In Ferring B.V. v. Fera Pharmaceuticals, LLC, the Eastern District of New York was called upon to determine the importance of the United States Patent and Trademark Office’s Trademark Manual of Examining Procedure (“TMEP”) and its guidelines in determining the validity of a federally registered trademark. The Court declined to afford the TMEP an elevated status.
Ferring is a pharmaceutical company focused largely on gastrointestinal medications, and medicines intended for the treatment in the fields of fertility and endocrinology. In its long history in this field, Ferring obtained numerous federal trademark registrations for FERRING and FERRING PHARMACEUTICALS. Many of those registrations have become incontestable under the provisions of the Trademark Act due to their continuous and exclusive use for five years. Ferring also owned numerous FERRING marks that had not yet achieved incontestable status.
Long after Ferring launched and established its FERRING brand, Fera launched its own brand of ophthalmologic pharmaceutical products under the FERA and FERA PHARMACEUTICALS marks. Ferring sued Fera for trademark infringement of its federally registered marks, unfair competition, common law trademark infringement and unfair competition, and trademark dilution under New York law. Fera counterclaimed seeking cancellation of Ferring’s registered trademarks, alleging non-use and fraud. The basis for the “non-use” claim relied on wording of the identification of goods in the registration. The basis for the fraud claim was statements Ferring made to the USPTO Examining Attorney during the prosecution of the application.
The first counterclaim — targeted against Ferring’s non-incontestable marks — was for cancellation of those marks for non-use in connection with the goods listed in the registration. This claim relied on a very technical reading of how the USPTO interprets language in a trademark application’s identification of goods. In this case, Ferring’s registration claimed:
HOUSE MARK FOR A FULL LINE OF PHARMACEUTICALS AND PHARMACEUTICAL PREPARATIONS FOR THE TREATMENT OF UROLOGICAL DISORDERS AND CONDITIONS, DIABETES INSIPIDUS, ENURESIS, BED WETTING, ARTHRITIS, FOR TREATMENT IN THE FIELD OF INFERTILITY, AND FOR USE AS A DIAGNOSTIC AGENT AND THERAPEUTIC AGENT FOR HORMONAL DISORDERS
The crux of Fera’s argument was that TMEP Section 1402.03(c) instructs USPTO Examining Attorneys only to accept a description of goods for “full line of” products if the specimens or evidence of record demonstrate that the mark is used on a sufficient number or variety of products in its line. This, the TMEP states, is a rare occurrence. Fera noted that this section of the TMEP was amended in 2011 (i.e., after the Plaintiff’s mark in this case was approved) to state that if the goods are a “full line of pharmaceuticals,” the trademark applicant must produce evidence to the USPTO that it uses the mark in connection with pharmaceuticals to treat diseases or health problems in all categories in the World Health Organization (“WHO”) International Statistical Classification of Diseases. Ferring’s registrations did not meet this standard.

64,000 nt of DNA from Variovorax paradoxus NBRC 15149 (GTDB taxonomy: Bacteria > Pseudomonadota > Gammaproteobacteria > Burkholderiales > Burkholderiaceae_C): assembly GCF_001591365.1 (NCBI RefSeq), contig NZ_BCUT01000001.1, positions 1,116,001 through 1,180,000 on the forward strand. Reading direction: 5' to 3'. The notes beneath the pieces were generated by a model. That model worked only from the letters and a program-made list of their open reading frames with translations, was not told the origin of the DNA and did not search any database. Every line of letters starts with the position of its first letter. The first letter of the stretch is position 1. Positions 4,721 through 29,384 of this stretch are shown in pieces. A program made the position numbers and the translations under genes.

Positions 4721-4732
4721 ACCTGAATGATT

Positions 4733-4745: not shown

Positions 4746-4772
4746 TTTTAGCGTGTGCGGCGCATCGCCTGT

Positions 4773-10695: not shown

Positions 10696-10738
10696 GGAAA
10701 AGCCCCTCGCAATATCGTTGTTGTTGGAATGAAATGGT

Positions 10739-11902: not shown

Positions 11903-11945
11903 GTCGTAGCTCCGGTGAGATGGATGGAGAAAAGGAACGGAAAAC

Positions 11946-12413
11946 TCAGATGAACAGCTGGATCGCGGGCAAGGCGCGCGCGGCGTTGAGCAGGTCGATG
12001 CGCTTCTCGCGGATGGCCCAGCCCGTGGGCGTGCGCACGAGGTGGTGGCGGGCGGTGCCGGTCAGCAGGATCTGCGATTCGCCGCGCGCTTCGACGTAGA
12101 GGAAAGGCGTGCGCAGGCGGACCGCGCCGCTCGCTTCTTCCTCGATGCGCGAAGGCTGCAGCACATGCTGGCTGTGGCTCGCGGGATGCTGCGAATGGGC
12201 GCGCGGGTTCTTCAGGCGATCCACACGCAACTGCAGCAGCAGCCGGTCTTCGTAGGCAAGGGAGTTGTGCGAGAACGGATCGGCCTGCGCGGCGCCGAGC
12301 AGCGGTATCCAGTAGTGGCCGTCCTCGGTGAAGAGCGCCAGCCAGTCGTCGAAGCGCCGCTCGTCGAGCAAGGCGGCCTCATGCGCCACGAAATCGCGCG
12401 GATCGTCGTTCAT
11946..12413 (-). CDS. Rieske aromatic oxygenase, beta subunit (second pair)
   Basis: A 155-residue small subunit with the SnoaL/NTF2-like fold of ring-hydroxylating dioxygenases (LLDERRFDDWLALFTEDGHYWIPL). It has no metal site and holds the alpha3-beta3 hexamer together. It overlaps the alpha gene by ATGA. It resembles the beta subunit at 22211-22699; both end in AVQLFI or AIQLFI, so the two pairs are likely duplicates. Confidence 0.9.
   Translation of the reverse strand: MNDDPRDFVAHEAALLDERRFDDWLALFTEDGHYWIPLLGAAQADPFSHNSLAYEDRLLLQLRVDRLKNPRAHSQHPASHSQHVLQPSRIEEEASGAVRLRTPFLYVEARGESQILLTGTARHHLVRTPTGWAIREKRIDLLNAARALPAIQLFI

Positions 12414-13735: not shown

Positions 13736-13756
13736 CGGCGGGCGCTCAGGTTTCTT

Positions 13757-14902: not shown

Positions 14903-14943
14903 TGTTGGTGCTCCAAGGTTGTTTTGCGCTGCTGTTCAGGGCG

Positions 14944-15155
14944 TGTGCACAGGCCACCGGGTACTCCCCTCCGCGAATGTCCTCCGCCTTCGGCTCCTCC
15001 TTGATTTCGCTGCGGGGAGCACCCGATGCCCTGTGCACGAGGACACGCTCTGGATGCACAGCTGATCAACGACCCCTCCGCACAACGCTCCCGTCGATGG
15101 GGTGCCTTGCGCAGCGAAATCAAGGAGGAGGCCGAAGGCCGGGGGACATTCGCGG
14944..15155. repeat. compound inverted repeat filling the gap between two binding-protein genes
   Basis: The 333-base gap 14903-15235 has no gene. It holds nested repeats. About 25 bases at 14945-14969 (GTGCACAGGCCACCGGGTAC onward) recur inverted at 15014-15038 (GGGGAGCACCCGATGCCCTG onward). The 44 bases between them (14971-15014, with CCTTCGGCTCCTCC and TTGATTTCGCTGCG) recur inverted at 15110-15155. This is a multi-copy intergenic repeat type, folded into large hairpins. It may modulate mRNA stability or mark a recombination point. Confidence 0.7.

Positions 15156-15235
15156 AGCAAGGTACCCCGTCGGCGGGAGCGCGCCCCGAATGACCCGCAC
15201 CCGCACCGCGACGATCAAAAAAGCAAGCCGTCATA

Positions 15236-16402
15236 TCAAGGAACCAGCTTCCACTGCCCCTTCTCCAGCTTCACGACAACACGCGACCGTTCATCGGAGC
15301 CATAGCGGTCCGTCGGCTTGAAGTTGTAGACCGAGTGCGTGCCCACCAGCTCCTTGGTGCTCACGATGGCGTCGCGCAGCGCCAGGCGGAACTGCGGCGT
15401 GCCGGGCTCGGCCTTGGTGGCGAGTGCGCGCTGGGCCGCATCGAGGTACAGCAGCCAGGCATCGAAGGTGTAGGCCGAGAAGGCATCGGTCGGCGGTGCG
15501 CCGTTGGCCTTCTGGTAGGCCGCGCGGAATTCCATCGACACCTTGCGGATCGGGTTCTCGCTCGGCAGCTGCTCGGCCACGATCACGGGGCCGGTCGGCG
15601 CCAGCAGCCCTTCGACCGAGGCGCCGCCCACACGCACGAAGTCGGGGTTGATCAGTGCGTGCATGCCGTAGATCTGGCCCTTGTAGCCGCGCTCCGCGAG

The Court was unimpressed with this argument. First, the Court noted that the 2011 amendment was a new requirement, rather than a clarification of existing policy. More importantly, however, the Court declared that the TMEP is not a statute, but merely a guideline the agency issued for the benefit of the Trademark Examining Operation. Thus, there was no basis or authority showing that failure to comply with TMEP 1402 is proper ground for cancelling a trademark.
The Court was more willing to entertain Fera’s counterclaim to cancel Ferring’s incontestable registrations based on claims of fraud. Fera’s argument centered on representations Ferring made to the Examining Attorney during the prosecution of the trademark application. The Examining Attorney issued the first Office Action, denying registration of Ferring’s mark on the ground that the specimens of use did not show use of the mark on “a house mark for a full line of…” pharmaceuticals, but were in fact the same drug marketed under different brand names. In fact, the Examining Attorney issued three Office Actions, all concerning the sufficiency of the evidence demonstrating use of a “house mark for a full line of” pharmaceuticals. Ferring responded to each Office Action with more specimens of use and arguments in support of the claim that these were different drugs. Eventually, on Reconsideration, the Examining Attorney was convinced by Ferring’s statements that the specimens showed use of the mark on twelve different drugs. However, Fera presented strong arguments to the Court that Ferring made false statements to the USPTO, and that the specimens only showed use in connection with five drugs. The Court was satisfied that Fera’s pleadings of fraud were sufficiently pled to allow this counterclaim to stand.
The question of trademark “non-use” and the way identifications of goods are seen by the USPTO, as opposed to the Courts, is novel. In some instances, trademark examination practice can be arcane. Cancellation of a trademark registration based on “non-use,” as interpreted by the TMEP, is a harsh outcome. As the Court noted here, modification of the identification of goods sometimes may be the better remedy, but only if modification would reasonably allow the junior user’s mark (here, defendant’s FERA mark) to register. In this case, however, the Court indicated that, even if the identification of goods in Plaintiff’s FERRING registrations were modified by taking out the “full line of” language, the parties’ marks would still be confusingly similar.